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Art Market

Beyond the Biennale – the shows to see around Venice this month

27 March 2024

From the April 2024 issue of Apollo. Preview and subscribe here.

The Biennale is dominating Venice this month, but the rest of the city still has plenty to offer, from a deep dive into the travels of Marco Polo to a celebration of Jean Cocteau’s genius.

Oedipus, or, the Crossing of Three Roads (Œdipe ou le carrefour des trois routes) (1951), Jean Cocteau. © Jean Clement Eugene Mar Cocteau, SIAE 2024

Jean Cocteau: The Juggler’s Revenge
Peggy Guggenheim Collection
13 April–16 September

The Peggy Guggenheim Collection, housed in the striking 18th-century palace that was the collector’s home for three decades, boasts an impressively varied array of 20th-century art. As an exhibition on Marcel Duchamp ends, the gallery is now playing host to the work of his compatriot and contemporary Jean Cocteau. The exhibition poster shows Cocteau in a trick pose: he has six arms and is using five of them to clutch a book, pen, paintbrush and scissors, and hold a cigarette to his lips. It’s a characteristically playful image but also one that gestures to the Frenchman’s astonishing variety. Everything from drawings to jewellery and photographs to films are on display in the first major Cocteau restrospective to take place in Italy – an exhibition that maps the development of Cocteau’s artistic visions and explores his contributions to Dada, Surrealism and 20th-century culture as a whole.

Guanyin, Bodhisattva of Compassion (13th century), China. Photo: Claudia Obrocki; courtesy Ethnologisches Museum, Staatliche Museen zu Berlin

The Worlds of Marco Polo: The Journey of a 13th-century Venetian Merchant

Palazzo Ducale
6 April–29 September

Marco Polo’s account of his travels in Asia informed Western views of the continent for centuries after its publication in around 1300. To mark the 700th anniversary of his death, the Doge’s Palace is shedding light on the historical, commercial and scientific context of the Venetian’s adventures through a wide-ranging exhibition of maps, ceramics, coins, manuscripts and other parephernalia from the period, as well as a contemporary art installation.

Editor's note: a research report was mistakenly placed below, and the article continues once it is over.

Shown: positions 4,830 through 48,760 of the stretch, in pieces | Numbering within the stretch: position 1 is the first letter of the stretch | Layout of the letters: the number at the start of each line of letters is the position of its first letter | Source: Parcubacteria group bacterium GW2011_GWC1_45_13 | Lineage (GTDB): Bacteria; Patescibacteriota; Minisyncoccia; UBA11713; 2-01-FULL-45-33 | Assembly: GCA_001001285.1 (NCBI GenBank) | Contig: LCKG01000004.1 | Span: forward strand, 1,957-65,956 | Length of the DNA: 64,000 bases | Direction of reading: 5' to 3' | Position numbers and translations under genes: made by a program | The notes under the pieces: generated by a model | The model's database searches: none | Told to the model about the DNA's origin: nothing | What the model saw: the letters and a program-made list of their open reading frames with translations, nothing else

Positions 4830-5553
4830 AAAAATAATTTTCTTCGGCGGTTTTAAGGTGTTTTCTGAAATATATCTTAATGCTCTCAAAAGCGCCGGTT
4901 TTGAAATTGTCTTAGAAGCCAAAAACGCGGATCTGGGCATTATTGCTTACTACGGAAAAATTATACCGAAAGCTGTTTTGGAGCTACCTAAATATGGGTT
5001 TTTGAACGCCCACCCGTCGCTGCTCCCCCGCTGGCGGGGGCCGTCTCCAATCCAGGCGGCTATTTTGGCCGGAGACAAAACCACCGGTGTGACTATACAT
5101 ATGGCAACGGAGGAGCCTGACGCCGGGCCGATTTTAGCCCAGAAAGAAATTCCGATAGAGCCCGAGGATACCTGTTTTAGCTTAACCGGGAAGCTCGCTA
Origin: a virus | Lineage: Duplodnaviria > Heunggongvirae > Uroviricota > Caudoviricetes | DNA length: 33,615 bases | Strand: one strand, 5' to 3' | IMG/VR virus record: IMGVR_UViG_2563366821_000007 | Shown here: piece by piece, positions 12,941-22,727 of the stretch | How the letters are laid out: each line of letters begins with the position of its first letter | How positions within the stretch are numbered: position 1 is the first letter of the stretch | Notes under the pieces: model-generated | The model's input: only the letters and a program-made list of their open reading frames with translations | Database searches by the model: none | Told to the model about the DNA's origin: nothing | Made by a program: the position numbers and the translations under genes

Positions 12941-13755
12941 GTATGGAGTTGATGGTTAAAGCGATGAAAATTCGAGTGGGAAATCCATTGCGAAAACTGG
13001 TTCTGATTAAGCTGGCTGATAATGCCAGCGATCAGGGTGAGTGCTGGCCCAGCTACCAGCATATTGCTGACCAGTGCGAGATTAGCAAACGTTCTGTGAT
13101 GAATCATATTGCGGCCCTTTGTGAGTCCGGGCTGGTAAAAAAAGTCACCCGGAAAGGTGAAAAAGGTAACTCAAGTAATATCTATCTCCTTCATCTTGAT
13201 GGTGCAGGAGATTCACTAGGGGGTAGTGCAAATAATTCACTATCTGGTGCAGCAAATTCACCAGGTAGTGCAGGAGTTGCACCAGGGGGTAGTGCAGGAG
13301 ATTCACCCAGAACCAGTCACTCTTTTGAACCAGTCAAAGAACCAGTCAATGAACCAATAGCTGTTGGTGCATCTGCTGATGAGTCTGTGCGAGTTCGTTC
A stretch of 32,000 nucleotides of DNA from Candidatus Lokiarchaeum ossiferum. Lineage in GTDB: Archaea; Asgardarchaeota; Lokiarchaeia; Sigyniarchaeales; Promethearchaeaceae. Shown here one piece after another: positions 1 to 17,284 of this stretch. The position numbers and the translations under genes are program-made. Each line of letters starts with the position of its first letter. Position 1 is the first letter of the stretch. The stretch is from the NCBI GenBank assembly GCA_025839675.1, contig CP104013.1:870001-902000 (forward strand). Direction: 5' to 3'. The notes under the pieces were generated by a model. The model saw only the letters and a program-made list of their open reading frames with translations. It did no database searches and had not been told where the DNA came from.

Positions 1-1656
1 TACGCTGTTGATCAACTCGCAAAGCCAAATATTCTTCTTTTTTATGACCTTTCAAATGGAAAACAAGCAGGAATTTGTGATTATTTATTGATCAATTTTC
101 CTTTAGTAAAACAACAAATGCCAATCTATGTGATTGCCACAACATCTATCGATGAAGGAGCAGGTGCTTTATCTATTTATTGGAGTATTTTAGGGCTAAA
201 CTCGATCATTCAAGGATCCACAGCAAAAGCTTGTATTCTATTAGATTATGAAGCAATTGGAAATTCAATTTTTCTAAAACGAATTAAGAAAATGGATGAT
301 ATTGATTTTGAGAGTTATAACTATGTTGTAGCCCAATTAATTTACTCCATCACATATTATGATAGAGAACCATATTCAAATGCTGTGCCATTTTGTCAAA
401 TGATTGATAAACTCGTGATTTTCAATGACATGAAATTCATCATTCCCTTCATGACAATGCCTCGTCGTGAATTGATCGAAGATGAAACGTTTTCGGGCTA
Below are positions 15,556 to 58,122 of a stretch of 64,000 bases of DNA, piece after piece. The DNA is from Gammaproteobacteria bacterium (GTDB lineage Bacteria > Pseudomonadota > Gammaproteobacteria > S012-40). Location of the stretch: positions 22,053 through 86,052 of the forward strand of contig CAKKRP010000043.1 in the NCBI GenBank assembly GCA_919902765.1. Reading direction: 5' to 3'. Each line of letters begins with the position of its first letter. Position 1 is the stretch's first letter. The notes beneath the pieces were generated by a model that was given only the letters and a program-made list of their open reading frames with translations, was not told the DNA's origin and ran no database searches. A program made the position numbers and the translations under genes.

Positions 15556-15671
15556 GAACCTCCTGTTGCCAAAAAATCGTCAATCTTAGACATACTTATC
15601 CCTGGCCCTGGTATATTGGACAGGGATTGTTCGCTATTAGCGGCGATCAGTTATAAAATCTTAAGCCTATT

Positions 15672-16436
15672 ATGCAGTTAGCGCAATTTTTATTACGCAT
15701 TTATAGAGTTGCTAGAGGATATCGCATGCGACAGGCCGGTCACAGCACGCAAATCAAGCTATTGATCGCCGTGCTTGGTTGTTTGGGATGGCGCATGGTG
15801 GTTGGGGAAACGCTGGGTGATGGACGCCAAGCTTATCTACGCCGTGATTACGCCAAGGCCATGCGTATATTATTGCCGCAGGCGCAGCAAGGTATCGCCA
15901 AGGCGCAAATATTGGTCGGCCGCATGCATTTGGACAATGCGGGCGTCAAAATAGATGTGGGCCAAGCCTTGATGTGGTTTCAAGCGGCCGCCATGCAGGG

The Fondazione Prada in Venice. Photo: Marco Cappelletti/DSL Studio; courtesy Fondazione Prada

Christoph Büchel: Monte di Pietà
Fondazione Prada
20 April–24 November

One of the major talking points of the 2019 Biennale was the Swiss artist Christoph Büchel, whose work Barca Nostra – made from a rusting fishing boat that sank in 2015 and killed more than 1,000 Libyan migrants – provoked outrage in some quarters. Büchel is back in Venice with this installation that combines old and new works as well as his ongoing piece, The Diamond Maker, a suitcase of lab-grown diamonds made from carbon extracted from his own unsold artworks.

La grâce de l’aurore (2001), Chu Teh-Chun. © ADAGP 2023/Fondation Chu Teh-Chun

Chu Teh-Chun: In Nebula
Fondazione Giorgio Cini
20 April–30 June

Chu Teh-Chun (1920–2014) was born in China and lived there until the age of 35, before moving to Paris, where he would stay for the rest of his life, becoming a member of the Académie des Beaux-Arts in 1997. Over the course of his life he developed an inimitable style that drew on Chinese painting techniques as well as Western abstract aesthetics. His most recent canvases begin this retrospective, which then traces his career all the way back to the year he settled in France.

Pirate (Untitled II) (1981), Willem de Kooning. © 2024 The Willem de Kooning Foundation, SIAE

Willem de Kooning and Italy
Gallerie dell’Accademia
17 April–15 September

The American painter Willem de Kooning visited Rome in 1959 and then again a decade later. These two trips led him to overhaul his artistic vision: seduced by the slipperiness and plasticity of clay, he began to produce sculptures, while incorporating sculptural influences into the Abstract Expressionist canvases that were his staple. This exhibition displays works from the 1950s to the ’80s and asks why Italy made such a lasting impression on the artist.

From the April 2024 issue of Apollo. Preview and subscribe here.